The reasons, then and now, were murky.  I was passionate about poetry in those days and I wanted to garner the experiences of a great writer.  My mother didn't understand that, or perhaps she did, but I felt more misunderstood after that meeting than I had before.  I sat in the old-fashioned vinyl and Formica booth long after she had left, writing poetry on a series of paper napkins.  Pieced together they became this poem.

Pittston, On Leaving (1979)

There's nothing for me here.  Only rain
and streets of wet magnesium.
These hundred panes are filled with a watery yellow light
but the corners of the shop are webbed with shadow.
There should be carriages and gas-lights here
but there is only a maroon and gold awning
out there across the street.
The tiny window panes run with rain, blur the words,
whatever words
glisten up above that awning.
Plate glass windows and clothes behind:
Kresge's yellow-purple cotton housecoats,
old display cases, nineteen-forties styles,
and everything looks so old.
My face, these shops, slip along grey-hound windows
lost their hold
and vanish.
Plans forgotten before the coffee's cold.
Promises I cannot forget.
And you within your distance.
Tomorrow is waiting in a shipping crate,
one more highway, one more home.
I can't stop now.
So this time it's Miami, because there's no place left
I haven't been
I take what was me in two-fisted filthy chunks
and wrench it out.

I am quite sure that those chunks, however awkward poetically, were black.  Black as Northeast PA coal and blocked fifth chakra centers and the dark-bright promise of a newborn wolf.  And I am equally sure that removing them was not as simple as I imagined.  There is, I suspect, a message in all of that.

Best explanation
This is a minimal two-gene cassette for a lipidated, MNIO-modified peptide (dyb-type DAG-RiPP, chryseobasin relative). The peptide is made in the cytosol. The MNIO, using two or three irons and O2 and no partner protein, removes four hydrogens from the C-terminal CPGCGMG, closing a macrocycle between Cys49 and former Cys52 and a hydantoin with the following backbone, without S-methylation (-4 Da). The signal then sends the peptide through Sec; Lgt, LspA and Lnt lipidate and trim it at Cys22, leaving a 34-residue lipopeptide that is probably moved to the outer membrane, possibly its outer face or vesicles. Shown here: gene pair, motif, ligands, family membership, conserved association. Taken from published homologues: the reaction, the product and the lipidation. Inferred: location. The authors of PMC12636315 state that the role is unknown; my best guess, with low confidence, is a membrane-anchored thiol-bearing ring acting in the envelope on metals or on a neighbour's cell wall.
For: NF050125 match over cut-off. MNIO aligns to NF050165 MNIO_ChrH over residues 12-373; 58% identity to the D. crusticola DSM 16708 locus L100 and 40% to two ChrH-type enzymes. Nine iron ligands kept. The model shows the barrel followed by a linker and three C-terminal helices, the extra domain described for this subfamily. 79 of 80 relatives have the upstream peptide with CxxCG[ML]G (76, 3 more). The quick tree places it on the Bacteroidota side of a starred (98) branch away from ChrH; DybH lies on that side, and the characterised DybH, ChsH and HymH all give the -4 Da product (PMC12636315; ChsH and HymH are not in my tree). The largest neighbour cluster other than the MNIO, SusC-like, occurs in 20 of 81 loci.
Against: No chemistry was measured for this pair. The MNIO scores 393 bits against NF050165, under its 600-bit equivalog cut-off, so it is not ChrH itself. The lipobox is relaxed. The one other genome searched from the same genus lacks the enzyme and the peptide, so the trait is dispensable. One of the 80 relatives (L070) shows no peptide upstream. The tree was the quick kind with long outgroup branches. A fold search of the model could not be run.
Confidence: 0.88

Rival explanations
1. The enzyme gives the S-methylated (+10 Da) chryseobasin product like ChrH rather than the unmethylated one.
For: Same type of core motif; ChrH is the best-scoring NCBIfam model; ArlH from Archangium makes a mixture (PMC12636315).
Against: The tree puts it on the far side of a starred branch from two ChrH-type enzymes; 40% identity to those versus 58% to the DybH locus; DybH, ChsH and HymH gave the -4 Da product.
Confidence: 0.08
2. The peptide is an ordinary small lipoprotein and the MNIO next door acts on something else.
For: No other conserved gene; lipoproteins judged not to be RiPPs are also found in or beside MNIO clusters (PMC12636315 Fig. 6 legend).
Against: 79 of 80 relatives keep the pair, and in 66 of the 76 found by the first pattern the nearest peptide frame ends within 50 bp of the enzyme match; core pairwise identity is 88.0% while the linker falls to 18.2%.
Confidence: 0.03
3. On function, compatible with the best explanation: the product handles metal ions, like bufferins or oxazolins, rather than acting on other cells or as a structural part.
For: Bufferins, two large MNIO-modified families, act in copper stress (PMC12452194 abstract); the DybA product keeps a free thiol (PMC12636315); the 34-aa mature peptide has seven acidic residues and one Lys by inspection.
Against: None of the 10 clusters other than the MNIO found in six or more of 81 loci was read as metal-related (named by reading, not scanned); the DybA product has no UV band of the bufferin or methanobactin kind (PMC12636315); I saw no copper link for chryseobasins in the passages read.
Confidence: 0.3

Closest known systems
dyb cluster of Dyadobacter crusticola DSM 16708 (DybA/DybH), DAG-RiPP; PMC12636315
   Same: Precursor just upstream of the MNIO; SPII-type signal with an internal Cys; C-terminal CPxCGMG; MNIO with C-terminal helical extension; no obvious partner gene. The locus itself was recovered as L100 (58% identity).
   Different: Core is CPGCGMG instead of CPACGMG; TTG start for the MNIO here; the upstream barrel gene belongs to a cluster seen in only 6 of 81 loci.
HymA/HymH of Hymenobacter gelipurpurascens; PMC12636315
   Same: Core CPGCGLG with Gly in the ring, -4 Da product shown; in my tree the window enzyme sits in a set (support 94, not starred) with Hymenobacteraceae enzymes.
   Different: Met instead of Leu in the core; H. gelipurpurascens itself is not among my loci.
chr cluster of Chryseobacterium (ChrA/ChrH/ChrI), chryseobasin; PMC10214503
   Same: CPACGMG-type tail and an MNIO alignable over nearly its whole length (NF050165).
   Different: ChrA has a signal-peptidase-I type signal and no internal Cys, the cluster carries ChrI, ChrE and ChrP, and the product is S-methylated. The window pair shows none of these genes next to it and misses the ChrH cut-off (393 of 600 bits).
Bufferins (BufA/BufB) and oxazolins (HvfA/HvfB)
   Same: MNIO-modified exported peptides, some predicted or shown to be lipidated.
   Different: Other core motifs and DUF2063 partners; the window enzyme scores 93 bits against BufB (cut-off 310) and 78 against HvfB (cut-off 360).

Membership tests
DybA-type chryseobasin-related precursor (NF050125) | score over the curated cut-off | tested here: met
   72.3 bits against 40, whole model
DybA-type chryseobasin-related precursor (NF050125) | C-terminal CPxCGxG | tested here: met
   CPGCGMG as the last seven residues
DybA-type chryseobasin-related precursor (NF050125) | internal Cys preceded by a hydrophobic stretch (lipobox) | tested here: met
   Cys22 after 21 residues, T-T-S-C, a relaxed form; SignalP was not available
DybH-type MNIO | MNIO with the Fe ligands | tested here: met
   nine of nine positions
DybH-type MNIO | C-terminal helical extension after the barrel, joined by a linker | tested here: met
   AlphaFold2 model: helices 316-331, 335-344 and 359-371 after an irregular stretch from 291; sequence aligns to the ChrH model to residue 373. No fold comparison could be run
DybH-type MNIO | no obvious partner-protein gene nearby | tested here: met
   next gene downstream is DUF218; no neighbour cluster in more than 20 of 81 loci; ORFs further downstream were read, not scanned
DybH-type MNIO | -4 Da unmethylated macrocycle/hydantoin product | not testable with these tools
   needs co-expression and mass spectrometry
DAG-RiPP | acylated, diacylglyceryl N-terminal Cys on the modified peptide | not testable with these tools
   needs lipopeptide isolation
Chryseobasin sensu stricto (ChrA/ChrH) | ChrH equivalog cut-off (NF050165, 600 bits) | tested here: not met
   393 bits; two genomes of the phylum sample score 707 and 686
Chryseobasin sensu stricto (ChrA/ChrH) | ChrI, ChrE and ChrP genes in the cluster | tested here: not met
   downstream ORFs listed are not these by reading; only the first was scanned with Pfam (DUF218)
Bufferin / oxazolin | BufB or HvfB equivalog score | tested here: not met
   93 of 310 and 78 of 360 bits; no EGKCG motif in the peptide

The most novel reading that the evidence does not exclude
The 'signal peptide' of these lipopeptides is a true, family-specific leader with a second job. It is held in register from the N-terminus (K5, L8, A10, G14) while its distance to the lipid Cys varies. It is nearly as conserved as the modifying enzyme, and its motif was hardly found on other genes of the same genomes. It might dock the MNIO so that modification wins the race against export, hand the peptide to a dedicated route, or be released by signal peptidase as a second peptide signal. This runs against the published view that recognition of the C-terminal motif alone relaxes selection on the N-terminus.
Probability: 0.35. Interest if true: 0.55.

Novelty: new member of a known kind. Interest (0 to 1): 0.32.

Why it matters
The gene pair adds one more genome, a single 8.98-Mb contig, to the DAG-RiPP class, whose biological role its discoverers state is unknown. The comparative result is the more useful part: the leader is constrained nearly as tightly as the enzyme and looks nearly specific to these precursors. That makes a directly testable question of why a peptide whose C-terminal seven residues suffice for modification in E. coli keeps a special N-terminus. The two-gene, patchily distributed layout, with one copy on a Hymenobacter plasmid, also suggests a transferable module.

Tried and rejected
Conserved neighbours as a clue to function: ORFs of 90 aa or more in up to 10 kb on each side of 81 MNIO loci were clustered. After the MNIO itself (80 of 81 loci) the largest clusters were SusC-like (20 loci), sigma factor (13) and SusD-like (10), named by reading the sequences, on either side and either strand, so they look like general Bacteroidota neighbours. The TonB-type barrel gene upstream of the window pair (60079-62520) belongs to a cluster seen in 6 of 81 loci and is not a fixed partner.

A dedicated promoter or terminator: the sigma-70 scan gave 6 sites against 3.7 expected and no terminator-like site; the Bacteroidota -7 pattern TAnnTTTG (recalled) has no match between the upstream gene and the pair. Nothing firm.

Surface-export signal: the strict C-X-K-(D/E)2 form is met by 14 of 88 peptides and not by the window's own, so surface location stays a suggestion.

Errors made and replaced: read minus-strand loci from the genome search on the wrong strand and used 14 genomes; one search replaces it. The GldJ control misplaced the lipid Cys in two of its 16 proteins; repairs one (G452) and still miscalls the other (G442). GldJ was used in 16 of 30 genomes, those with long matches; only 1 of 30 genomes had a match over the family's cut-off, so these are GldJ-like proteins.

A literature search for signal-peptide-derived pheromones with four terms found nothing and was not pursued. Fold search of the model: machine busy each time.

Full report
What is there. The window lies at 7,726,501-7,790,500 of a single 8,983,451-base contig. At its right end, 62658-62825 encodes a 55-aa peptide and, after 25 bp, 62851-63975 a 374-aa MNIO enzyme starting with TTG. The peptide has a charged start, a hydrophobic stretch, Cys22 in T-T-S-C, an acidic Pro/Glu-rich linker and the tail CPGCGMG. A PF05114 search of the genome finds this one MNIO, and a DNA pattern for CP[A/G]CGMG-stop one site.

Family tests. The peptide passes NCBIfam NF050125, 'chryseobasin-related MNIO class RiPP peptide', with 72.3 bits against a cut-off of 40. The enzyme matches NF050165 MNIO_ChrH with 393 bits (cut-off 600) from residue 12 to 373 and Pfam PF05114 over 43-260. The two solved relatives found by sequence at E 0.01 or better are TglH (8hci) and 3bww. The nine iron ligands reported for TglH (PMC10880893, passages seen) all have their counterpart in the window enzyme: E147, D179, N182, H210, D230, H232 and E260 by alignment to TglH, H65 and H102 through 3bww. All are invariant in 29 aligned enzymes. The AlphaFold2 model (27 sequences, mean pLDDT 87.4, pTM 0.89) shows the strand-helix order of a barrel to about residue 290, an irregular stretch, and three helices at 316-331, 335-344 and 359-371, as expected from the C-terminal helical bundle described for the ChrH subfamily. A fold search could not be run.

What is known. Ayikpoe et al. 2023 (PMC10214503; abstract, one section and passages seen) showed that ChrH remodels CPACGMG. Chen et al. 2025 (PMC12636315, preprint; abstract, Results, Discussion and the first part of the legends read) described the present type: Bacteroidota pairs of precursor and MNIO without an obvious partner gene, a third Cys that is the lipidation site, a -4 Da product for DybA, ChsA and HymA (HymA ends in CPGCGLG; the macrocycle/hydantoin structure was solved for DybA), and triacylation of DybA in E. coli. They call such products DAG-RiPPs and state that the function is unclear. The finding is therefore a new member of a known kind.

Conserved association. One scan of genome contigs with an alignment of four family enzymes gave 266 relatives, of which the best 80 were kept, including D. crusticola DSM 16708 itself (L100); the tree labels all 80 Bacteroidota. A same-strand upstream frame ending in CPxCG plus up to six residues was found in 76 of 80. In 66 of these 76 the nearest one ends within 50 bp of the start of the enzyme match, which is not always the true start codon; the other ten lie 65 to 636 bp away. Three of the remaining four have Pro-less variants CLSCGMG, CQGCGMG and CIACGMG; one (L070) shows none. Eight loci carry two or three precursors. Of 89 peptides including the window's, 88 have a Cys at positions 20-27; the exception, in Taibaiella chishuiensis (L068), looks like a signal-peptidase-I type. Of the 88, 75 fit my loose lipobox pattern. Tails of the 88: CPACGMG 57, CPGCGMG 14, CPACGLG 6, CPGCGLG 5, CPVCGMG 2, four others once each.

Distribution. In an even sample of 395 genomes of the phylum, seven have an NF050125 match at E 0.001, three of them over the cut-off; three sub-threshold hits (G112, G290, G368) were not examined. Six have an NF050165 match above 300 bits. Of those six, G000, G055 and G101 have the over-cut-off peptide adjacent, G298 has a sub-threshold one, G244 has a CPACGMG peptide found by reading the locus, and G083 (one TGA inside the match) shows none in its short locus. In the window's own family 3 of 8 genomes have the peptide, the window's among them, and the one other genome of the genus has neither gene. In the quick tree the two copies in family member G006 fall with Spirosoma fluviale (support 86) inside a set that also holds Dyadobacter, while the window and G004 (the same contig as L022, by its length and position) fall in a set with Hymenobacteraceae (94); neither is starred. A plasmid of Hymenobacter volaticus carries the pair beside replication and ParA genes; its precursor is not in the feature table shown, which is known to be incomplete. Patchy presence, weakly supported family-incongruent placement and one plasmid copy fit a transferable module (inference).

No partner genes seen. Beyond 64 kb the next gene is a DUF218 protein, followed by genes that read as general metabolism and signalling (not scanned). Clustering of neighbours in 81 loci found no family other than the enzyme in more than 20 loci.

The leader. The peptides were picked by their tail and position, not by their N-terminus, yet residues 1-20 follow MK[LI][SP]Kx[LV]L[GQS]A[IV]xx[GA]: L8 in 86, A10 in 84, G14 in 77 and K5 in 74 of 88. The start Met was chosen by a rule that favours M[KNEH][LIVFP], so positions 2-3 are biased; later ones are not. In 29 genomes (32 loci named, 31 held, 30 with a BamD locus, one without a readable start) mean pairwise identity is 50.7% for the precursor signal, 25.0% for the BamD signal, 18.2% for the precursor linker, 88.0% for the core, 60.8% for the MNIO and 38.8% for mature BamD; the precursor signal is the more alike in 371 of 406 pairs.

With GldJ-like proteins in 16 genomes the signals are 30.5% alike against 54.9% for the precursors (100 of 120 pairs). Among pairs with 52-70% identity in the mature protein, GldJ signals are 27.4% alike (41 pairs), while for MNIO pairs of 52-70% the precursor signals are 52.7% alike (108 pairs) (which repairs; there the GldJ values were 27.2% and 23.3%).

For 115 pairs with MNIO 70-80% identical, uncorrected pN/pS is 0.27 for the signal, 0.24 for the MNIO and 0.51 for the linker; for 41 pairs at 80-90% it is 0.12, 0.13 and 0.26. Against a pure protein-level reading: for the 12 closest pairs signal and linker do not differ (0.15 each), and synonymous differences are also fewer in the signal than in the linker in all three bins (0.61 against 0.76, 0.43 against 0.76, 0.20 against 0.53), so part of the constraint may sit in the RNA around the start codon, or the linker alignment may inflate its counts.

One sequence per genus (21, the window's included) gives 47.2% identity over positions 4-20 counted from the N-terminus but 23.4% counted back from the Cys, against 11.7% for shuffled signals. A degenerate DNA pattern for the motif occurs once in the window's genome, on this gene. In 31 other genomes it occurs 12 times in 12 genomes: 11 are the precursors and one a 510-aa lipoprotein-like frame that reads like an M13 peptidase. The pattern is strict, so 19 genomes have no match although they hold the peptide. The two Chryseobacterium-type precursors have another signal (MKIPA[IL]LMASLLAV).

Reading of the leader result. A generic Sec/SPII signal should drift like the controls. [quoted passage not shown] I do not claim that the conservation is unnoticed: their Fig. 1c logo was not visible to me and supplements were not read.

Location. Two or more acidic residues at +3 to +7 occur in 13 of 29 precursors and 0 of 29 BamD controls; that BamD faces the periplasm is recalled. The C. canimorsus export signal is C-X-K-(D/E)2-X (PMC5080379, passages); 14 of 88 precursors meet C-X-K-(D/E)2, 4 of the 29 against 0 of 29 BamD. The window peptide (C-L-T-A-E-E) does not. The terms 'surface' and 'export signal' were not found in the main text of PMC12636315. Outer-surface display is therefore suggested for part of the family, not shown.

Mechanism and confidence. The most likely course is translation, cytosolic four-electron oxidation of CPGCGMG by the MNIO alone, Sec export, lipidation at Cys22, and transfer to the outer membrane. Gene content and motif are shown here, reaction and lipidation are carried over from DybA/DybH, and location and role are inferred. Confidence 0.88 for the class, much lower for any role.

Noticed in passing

One last thing.  Several years ago I had an odd and somewhat disturbing reading at a psychic fair.  I was beaten down by life a bit that day, that year, that decade.  And the reader I paid to hear that I was a phoenix or a swan told me I was a wolf instead.  My immediate reaction was that I did not want to be a wolf at all. That I wanted to be something beautiful and transformational and winged. The reader saw that I wasn't pleased but he stuck to his assessment. "Some people are birds and some are sheep," he said firmly.  "But you're a wolf, my dear.   Whether you want to be or not."

Wolves are brave animals, both alone and in a pack, and I suspect that that was part of it. I didn't want to be brave then - or even really now.  But the truth was that I was already brave whether I wanted to admit to it or not.  I was brave at 15 or 17 or 19 - packing up my little VW bug to head out for parts unknown.  I was braver still in the years that followed as I battled bad luck, tragedy and loss.  

But there is a kind of bravery I still don't want -  an owning of things which I would like to finish and be done with - even  and especially because it seems I never will be.  I want to write about the light and yet, despite my best efforts, I find myself pulled back to the dark stories and changing  metaphors of fiction. Some things cannot be taken out, I am reminded.  But I've yet to discover how they will be transformed.